Attachmate Enhances Secure File Transfer Product

Attachmate Corporation has announced Reflection for Secure IT version 7.1, a family of Secure Shell clients and servers for Windows and Unix optimized for secure file transfer and remote system administration.

Reflection for Secure IT version 7.1 is intended to help organizations exchange files with business partners and customers in a safe environment, as well as meet regulatory compliance updates regarding secure file transfers, the vendor says. "The Reflection for Secure IT product line covers four products," Sam Morris, product marketing manager for Attachmate, tells 5 Minute Briefing. "There is a Windows Secure Shell server, a Windows client, Unix server, and Unix client products. The server product includes the clients as well when it is the Unix server product. What we have done is release new versions of all four of those products in this release."

Reflection provides enhanced features for granular access control, detailed activity logging and improved support for resuming failed transfers. "We have really allowed administrators to 'granularize' the access control," Morris explains. Additionally, all Reflection for Secure IT products now include Attachmate's latest FIPS 140-2 validated cryptographic module, enabling organizations to protect data in motion with strong encryption. "We have generated an update to our cryptographic module," Morris notes. "We are now at a version 2.0.40 which we have taken through the FIPS validation process and have a certificate 1027."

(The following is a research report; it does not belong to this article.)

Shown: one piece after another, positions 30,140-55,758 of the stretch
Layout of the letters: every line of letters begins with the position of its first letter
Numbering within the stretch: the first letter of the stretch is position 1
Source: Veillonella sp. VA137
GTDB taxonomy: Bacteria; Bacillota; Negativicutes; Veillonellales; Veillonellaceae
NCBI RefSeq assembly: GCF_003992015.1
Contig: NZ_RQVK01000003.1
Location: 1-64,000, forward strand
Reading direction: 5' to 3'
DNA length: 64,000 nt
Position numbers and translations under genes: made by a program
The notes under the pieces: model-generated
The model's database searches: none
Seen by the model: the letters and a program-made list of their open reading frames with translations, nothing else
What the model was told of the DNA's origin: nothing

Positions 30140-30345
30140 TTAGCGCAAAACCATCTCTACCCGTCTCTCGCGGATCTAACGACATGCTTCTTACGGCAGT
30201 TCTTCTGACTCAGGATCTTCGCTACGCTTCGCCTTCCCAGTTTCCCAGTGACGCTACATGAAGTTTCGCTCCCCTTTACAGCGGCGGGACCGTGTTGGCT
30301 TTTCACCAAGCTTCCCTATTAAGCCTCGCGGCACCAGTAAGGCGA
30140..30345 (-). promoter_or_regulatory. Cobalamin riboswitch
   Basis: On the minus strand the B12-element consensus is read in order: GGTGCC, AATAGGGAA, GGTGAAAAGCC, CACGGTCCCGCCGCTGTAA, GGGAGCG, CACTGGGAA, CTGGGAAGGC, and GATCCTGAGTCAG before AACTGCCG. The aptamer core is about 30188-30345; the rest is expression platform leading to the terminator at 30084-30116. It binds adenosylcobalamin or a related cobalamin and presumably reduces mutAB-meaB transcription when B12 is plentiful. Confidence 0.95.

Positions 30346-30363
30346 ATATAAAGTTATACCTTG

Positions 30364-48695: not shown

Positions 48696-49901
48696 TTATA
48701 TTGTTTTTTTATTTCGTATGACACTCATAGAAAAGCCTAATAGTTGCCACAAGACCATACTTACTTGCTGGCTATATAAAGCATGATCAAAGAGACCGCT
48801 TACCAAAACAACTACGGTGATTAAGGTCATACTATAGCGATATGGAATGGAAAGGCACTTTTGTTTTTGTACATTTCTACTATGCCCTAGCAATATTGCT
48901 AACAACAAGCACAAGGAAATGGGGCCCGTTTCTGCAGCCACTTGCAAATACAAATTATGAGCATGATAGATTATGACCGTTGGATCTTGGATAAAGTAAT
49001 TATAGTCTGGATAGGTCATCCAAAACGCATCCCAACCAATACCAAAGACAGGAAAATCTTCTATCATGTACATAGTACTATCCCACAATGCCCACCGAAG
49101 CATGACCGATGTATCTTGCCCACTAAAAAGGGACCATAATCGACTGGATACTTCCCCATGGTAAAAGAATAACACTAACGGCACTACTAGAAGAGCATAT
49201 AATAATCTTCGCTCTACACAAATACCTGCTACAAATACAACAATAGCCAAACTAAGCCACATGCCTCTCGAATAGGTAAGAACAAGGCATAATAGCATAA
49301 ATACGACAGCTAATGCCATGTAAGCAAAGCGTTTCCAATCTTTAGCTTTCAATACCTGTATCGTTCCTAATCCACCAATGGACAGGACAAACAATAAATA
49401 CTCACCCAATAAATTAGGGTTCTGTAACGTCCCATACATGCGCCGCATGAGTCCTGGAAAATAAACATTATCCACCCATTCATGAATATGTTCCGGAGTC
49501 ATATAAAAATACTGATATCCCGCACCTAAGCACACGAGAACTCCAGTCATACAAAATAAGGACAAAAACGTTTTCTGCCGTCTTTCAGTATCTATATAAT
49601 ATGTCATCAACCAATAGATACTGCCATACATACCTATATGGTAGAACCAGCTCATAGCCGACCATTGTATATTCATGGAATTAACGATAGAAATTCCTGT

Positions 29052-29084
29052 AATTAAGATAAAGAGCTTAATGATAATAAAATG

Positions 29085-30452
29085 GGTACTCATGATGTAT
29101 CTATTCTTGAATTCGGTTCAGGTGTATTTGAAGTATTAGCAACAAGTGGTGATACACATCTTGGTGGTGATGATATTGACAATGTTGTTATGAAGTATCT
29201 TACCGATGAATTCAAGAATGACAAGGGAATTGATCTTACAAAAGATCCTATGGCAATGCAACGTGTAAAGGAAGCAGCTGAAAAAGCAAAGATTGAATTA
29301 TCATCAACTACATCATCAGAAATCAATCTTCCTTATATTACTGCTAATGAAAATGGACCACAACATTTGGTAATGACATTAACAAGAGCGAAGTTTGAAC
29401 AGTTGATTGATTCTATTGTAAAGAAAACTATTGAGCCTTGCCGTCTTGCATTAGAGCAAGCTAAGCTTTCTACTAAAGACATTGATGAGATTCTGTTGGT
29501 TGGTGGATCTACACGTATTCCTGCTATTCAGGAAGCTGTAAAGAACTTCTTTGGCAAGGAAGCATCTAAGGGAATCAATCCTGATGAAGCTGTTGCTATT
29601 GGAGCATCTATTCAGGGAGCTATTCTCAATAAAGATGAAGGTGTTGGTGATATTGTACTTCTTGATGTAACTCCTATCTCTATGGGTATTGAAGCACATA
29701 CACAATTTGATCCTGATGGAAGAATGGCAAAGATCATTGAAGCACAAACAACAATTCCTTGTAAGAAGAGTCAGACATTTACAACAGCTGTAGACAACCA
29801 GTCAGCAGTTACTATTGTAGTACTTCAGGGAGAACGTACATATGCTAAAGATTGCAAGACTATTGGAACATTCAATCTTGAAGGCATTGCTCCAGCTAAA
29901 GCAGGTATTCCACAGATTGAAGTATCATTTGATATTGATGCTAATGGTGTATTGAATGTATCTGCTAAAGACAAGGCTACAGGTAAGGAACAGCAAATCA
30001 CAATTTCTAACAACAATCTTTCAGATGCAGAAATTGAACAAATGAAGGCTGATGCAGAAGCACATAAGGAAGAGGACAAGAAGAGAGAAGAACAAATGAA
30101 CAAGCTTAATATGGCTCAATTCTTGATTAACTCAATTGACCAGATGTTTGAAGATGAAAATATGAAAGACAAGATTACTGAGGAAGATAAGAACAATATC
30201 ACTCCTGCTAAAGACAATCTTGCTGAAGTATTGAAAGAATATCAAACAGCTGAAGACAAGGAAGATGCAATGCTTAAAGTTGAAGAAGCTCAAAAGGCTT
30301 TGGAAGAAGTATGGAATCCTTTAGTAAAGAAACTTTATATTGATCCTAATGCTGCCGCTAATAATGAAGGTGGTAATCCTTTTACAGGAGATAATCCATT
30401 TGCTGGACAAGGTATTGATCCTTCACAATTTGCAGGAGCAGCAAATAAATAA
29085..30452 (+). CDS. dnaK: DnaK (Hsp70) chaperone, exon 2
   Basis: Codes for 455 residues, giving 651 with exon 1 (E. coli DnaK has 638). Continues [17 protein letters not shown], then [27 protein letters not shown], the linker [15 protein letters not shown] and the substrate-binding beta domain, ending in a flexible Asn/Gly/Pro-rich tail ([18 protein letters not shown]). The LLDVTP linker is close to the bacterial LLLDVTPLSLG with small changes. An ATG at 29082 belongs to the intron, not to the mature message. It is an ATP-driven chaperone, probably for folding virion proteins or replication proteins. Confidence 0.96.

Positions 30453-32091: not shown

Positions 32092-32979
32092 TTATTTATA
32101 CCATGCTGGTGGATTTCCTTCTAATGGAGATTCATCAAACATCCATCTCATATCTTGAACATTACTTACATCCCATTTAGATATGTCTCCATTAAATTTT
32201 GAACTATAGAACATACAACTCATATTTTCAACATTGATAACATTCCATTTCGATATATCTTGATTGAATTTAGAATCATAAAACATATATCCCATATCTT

Reflection also is designed to ease the administrative burdens of managing user and host authentication through support for centralized authentication services, according to Attachmate. With product-wide support for leading authentication technologies including RADIUS and RSA SecurID, the latest version also offers the Reflection Public Key Infrastructure (PKI) Services Manager, providing centralized configuration and management of PKI functionality across multiple Reflection for Secure IT Windows and Unix servers.

The compelling use case for Secure Shell servers is around secure file transfer, says Morris. "We see organizations that have standardized on SSH on their Unix systems now needing a common protocol and a common scripting methodology for integrating their Windows servers into those Unix environments. SSH is becoming that common language or integration methodology between Windows servers and Unix servers. When we enhance our capabilities around secure file transfer for Windows servers, we are really helping organizations integrate their Unix systems and their Windows systems through file transfer." To evaluate Reflection for Secure IT version 7.1, go here.